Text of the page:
Cynthia Serrano first moved into the Castro City neighborhood from Gilroy in 2002 to take care of her grandfather. She moved into one of the properties her parents own on Fair Oaks Street and sees no reason to live somewhere else. Serrano said she is motivated to stay in the neighborhood because her life and work are firmly rooted there.
"It's a tight community," Serrano said. "A lot of residents there have been there for years. My parents and cousins have grown up here."
Staying put seems to be a trend for people in the neighborhood nestled between Rengstorff Avenue and Central Expressway. Sylvia Torres is among those who has opted to stay put. She's lived in Castro City for 50 years, along with her brother, who lives with his family a few houses down. Her family's roots in the neighborhood go all the way back to the 1950s, when her mother moved into the neighborhood and met her father.
Since her childhood, a lot about the neighborhood has changed. For one, the empty lots Torres used to play baseball in are all gone -- a loss for the new generation of neighborhood kids like her nephew.
Secondly, the neighborhood has changed from families of predominantly Mexican-American heritage to a diverse group of residents. Families, especially ones with young babies or toddlers, have started moving in as well.
She said the neighborhood is pretty quiet, besides the Caltrain that runs by throughout the day.
"It's not as loud as other neighborhoods," Serrano said. "Everyone pretty much keeps to themselves."
Castro City lies close to La Plaza Market, Rengstorff Park and the Mountain View Community Center -- which is undergoing a $23.5-million overhaul -- but there is some sense of seclusion. The quiet also could be considered a drawback since there is no formal neighborhood association and no traditions to bring people together. In Serrano's experience, the only informal tradition the neighborhood has is an annual religious party hosted by a neighbor from across the street.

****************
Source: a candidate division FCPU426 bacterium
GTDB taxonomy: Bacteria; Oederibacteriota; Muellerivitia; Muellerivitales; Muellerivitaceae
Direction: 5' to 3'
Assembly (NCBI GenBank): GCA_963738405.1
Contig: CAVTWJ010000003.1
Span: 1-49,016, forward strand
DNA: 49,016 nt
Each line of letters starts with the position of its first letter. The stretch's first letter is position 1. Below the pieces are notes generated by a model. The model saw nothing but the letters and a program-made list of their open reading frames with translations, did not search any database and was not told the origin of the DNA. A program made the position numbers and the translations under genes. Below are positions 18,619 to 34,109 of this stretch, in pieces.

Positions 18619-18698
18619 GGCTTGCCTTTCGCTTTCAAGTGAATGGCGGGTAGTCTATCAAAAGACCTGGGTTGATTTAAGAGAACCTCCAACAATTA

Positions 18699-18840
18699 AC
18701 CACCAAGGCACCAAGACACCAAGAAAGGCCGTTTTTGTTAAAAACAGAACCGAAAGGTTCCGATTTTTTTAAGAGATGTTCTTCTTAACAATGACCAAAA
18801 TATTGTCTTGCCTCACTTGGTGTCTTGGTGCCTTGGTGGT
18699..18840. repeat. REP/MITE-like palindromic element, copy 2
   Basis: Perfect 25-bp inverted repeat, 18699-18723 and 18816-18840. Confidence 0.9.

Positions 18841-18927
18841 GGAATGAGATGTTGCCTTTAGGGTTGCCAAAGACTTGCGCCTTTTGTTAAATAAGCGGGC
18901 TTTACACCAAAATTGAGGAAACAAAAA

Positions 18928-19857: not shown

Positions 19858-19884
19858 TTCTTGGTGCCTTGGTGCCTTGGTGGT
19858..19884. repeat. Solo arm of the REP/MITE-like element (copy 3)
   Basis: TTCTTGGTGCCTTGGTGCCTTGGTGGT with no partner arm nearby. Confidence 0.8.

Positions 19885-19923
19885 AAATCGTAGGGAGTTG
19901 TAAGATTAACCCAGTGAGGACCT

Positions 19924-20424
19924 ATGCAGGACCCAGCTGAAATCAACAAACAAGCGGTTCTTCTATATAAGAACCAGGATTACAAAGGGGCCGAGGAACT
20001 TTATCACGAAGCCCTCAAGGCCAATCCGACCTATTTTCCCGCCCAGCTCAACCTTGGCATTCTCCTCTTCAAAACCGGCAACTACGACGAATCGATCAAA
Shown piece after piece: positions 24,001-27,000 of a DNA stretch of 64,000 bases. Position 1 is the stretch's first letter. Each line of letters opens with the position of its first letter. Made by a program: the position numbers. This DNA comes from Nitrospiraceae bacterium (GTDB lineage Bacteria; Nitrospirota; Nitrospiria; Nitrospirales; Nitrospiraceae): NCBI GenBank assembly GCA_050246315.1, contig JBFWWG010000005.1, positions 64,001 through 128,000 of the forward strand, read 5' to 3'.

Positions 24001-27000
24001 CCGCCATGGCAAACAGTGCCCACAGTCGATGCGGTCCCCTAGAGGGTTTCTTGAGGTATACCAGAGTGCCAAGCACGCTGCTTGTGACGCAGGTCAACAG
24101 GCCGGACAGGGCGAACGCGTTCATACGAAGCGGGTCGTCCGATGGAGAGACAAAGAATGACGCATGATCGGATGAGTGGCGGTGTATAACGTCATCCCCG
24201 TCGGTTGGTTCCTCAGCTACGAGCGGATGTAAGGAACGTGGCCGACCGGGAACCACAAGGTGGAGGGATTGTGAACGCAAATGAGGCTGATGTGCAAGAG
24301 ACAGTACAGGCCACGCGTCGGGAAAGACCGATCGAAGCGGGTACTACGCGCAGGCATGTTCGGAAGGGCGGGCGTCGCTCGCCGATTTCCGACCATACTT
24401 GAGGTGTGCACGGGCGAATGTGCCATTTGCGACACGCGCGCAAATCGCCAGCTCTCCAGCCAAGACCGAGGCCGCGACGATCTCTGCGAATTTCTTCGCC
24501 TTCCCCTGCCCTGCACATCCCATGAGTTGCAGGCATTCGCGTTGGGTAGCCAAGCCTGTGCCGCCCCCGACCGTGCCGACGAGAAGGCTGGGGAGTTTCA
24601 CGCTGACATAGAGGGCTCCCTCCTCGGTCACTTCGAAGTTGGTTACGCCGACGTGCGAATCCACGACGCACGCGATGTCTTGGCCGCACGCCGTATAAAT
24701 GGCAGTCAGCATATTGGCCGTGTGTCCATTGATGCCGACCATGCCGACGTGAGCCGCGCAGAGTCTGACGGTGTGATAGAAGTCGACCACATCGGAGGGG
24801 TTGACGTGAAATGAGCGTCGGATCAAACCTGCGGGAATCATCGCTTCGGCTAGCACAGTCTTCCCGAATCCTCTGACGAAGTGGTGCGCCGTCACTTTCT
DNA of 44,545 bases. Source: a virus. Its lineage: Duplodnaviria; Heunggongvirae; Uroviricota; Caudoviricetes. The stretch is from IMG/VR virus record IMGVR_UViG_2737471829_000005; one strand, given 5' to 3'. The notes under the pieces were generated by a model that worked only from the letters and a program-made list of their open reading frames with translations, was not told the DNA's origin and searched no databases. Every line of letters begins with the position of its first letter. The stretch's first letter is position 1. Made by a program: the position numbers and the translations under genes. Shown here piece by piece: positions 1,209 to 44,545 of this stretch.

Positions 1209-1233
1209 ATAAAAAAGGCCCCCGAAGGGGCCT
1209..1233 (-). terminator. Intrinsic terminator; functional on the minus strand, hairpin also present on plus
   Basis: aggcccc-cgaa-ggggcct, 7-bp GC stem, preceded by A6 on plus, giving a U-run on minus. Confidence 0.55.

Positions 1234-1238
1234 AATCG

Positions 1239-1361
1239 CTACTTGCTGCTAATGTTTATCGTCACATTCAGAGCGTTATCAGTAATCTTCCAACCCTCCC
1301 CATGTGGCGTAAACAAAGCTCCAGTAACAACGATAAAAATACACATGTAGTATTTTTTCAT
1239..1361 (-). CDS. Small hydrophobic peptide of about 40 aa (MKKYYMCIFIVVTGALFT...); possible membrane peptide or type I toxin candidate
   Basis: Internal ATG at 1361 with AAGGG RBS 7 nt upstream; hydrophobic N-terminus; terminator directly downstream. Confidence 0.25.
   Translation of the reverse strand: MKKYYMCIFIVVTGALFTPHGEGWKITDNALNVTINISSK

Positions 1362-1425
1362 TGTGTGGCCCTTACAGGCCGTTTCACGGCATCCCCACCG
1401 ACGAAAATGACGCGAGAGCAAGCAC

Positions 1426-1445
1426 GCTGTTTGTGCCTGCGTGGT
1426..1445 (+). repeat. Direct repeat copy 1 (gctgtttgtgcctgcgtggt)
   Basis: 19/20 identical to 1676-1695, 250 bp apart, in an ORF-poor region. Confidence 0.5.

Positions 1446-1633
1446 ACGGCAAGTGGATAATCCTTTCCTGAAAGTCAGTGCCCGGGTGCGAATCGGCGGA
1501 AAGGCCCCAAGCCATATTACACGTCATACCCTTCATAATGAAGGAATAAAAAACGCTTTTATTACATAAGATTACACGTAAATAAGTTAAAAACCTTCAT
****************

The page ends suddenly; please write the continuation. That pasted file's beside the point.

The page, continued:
Still, Serrano and Torres have no plans to move and wish to continue to live in the neighborhood for years to come. They say they are excited for any changes that will come to Castro City and to Mountain View as a whole as the city grows.
"It's definitely home," Torres said. "It's changed over the years, and it is a small neighborhood, but I like where I live. I stayed here for my family, friends and because I want to be close to all the things I've become used to. Everything is right here."
Perla Luna, 2016
CHILDCARE AND PRESCHOOLS: Oak Tree Nursery School, 2100 University Ave.
FIRE STATION: No. 3, 301 N. Rengstorff Ave.
LOCATION: bounded by South Rengstorff Avenue, University Avenue, College Street and Leland Avenue
PARKS: Castro Park, Toft Avenue at Latham Street; Rengstorff Park and pool, Rengstorff Avenue at Crisanto Avenue
POST OFFICE: Mountain View, 211 Hope St.
PUBLIC SCHOOLS: Mountain View Whisman School District -- Monta Loma Elementary School, Graham Middle School; Mountain View-Los Altos Union High School District -- Los Altos High School
SHOPPING: La Plaza Market, 40 S. Rengstorff Ave. at Leland Avenue